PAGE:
Identify vulnerable users before a real attack impacts your bottom line.
While there are tools to help detect and prevent phishing emails from getting to your inbox, hackers are getting more clever and creative and thus are still able to deliver some of those unwanted emails, and they aren't as easy to spot as they once were.
This leaves humans as the last line of defense.
Are you confident that everyone in your organization can spot a phishing email? Many people, including business leaders and even some IT professionals, are falling for
these deceitful scams, so it’s imperative to have the proper training for your entire organization.
Microsoft Attack Simulator for Office 365 allows Exchange Online users to simulate fake phishing campaigns to test who in your organization may be vulnerable to an attack.
This is a great way to identify potential gaps in your defense and provide an opportunity for training
No matter what type of infrastructure your organization has, your users, your network, and your organization’s data are all
susceptible to socially engineered cyber attacks. It’s critical that in addition to proper training, the training must be tested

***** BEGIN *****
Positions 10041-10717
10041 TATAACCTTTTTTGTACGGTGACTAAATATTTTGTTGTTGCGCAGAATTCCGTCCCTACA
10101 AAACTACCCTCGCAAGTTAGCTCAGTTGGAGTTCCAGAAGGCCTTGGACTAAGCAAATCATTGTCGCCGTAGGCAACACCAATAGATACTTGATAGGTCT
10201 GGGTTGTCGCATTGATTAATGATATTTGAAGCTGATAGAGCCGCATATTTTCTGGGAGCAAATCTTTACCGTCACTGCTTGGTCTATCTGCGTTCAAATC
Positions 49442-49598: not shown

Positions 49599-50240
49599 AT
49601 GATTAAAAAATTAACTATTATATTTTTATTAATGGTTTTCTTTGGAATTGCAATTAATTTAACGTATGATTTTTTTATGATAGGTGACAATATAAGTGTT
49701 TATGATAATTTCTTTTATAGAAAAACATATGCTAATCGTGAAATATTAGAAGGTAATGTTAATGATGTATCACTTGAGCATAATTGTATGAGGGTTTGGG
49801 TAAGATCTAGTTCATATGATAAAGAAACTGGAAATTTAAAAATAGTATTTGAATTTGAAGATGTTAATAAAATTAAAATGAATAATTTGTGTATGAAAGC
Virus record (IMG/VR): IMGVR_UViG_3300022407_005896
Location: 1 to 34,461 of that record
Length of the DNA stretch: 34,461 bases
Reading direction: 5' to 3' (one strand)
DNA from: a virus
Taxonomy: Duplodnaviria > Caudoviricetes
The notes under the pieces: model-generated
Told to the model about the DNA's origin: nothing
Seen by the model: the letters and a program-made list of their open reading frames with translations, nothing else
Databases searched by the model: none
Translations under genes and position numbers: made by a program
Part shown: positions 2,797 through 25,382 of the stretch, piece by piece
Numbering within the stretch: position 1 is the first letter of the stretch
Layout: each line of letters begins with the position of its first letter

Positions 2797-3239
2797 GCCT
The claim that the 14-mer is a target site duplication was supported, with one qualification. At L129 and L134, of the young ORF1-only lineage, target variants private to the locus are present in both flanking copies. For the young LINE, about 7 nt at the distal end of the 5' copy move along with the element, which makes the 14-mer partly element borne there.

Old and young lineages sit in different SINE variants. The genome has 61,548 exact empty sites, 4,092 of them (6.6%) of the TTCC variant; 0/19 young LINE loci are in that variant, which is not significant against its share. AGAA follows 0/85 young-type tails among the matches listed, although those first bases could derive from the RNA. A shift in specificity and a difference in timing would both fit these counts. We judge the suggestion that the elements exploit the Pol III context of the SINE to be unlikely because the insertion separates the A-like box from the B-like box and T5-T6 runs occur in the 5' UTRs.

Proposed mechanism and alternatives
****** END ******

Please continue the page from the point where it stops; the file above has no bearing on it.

through simulated activities to see just how susceptible your users are to this threat.
The Attack Simulator carefully crafts simulated phishing emails based on real data, ensuring the most realistic attack experience. Once the user receives an email, they are directed to a phishing site that mirrors the Office 365 login page.
As with the email message, there are small discrepancies that can alert you to the fact that you are being scammed. Failing to do so will result in the user being flagged in the report generated after the attack is complete. In addition, the user will be taken to a page where they will get information about how to spot phishing attacks, that you can custom create.
The simulated attack tracks the users’ behaviors and reports on their response to these emails, providing invaluable data on how to better secure the organization.
Choose between three kinds of attack simulations: